Important note: The below content is provided for informational purposes only. The Faculty of Graduate and Postdoctoral Studies is not involved with student service appointments (student employees). Student service appointments are managed by individual graduate programs.
Student service appointments are intended to help properly qualified students of UBC meet the cost of their studies at the university, as well as to assist the University in meeting its educational and research objectives. Such appointments may involve part-time duties in teaching, research, or other academic activities.
Normally, only those students registered as full-time in the Faculty of Graduate and Postdoctoral Studies are eligible for Graduate Teaching Assistant, Graduate Research Assistant and Graduate Academic Assistant appointments. Appointments offered to students prior to their admission to the Faculty of Graduate and Postdoctoral Studies are contingent upon admission. Student service appointments are co-ordinated and administered at the graduate program level.
Categories of appointment
There are five categories under which graduate students may be appointed:
- Graduate Teaching Assistant I
- Graduate Teaching Assistant II
- Graduate Research Assistant
- Graduate Academic Assistant.
Teaching Assistantships (GTA) and Markers
The conditions of appointment as a Graduate Teaching Assistant or as a Marker are governed by the collective agreement between the University and CUPE Local 2278. Most graduate programs have a limited number of Teaching Assistantships available for registered full-time graduate students. For specific information about Teaching Assistantships, students should contact their graduate program.
Research Assistantships (GRA)
Many professors are able to provide Research Assistantships (RA) from their research grants to support full-time graduate students studying under their direction. The duties usually constitute part of the student's graduate degree requirements. The entire stipend is considered to be a scholarship, the conditions of which may be specified by the granting agency. For tax purposes it is considered to be a fellowship rather than payment for work. Income tax is not withheld by the university, and GRA income is reported via a T4A tax form each spring. The stipend is normally paid semi-monthly through UBC Payroll.
A Graduate Research Assistantship is a form of financial support for a period of graduate study and is, therefore, not covered by a collective agreement. Unlike other forms of fellowship support for graduate students, the amount of a GRA is neither fixed nor subject to a university-wide formula. The stipend amounts vary widely, and are dependent on the field of study and the type of research grant from which the assistantship is being funded. Individual faculty members should ensure that payments from grants are consistent within the graduate program and disciplinary norms. Graduate Research Assistantships are less common in the humanities and social sciences.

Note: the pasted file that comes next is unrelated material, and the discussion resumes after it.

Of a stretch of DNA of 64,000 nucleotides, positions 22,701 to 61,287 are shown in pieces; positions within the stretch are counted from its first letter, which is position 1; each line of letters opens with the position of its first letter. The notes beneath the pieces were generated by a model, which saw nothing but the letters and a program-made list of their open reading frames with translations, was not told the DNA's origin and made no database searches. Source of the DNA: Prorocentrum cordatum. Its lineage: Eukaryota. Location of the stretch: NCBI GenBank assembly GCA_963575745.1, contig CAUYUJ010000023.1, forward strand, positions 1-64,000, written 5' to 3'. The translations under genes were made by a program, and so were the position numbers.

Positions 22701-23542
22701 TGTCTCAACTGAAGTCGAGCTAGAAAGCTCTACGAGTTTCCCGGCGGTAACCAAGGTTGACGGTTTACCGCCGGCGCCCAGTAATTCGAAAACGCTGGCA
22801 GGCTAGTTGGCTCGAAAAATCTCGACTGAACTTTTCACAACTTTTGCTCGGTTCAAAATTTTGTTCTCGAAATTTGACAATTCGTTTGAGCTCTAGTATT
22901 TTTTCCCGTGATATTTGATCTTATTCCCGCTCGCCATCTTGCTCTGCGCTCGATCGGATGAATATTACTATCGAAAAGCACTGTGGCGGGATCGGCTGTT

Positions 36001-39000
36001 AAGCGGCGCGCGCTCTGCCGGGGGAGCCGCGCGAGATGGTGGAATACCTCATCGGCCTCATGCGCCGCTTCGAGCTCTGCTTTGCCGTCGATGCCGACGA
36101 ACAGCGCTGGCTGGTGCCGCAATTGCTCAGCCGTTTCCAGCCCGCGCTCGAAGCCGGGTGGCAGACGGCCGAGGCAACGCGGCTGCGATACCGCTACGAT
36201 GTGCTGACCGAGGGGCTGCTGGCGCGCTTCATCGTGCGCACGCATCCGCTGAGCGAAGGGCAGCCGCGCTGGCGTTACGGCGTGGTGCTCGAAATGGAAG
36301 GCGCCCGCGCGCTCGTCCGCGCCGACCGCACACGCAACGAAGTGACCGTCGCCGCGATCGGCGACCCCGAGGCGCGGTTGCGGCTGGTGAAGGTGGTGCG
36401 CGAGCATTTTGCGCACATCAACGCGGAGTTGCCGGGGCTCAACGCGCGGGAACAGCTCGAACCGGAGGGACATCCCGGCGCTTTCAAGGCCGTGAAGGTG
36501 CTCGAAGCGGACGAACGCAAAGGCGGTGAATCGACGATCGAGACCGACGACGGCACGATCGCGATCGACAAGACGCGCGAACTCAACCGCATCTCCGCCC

Appointments may be for any specified period satisfactory to the grantee. All letters to students offering funding through a GRA should clearly state the period to which the offer applies. Study Permit students, in particular, require such letters in order to enter Canada. Such letters should also indicate that the offer is subject to satisfactory academic progress and to demonstrated competence in laboratory duties and/or other procedures relevant to the student's area of study. Transfers from one degree program to another, or from one supervisor to another, may affect the payment of Graduate Research Assistantships. Transfers between degree programs are subject to approval by the graduate program and the Dean of the Faculty of Graduate Studies. The continuation of a GRA is always contingent on the student's maintaining satisfactory academic standing in his or her graduate program.
Research Assistantships are coordinated and administered at the graduate program level. For specific information about Research Assistantships, students should contact their graduate program.
Graduate Academic Assistant (GAA)
The duties of a Graduate Academic Assistant (GAA) include all academic duties not conforming to those specified above (for example, research performed for a member of faculty not directly related to the student’s own research). The stipend may not be considered a scholarship. For specific information about Academic Assistantships, students should contact their graduate program.
Different types of student funding are treated differently with regard to taxation:
- Awards and Graduate Research Assistantships (GRA) are coded as fellowship earnings and tax is not withheld by UBC against those earnings
- Graduate Teaching Assistantships (GTA) are coded as 20% fellowship earnings (no tax withheld) and 80% regular earnings (tax is withheld by UBC)
- Markers and Graduate Academic Assistants (GAA) are coded as 100% regular earnings (tax is withheld by UBC)
In February of each year, UBC will provide students with a T4A form for all fellowship earnings and a T4 form for all regular earnings received during the previous calendar year (January to December). Students are responsible for filing income tax returns on these earnings.
Awards and Other Sources of Funding
Most external funding agencies have clearly defined policies regarding additional funding for award recipients. Funding agencies might restrict the amount students are eligible to receive from other awards, number of hours they can spend on work unrelated to their research, the type of research grants used to pay any additional Research or Teaching Assistantships, etc. It is the award recipients' responsibility to comply with the rules and regulations of their award.
Effective March 2018, G+PS no longer limits the number of employment hours for any award holders.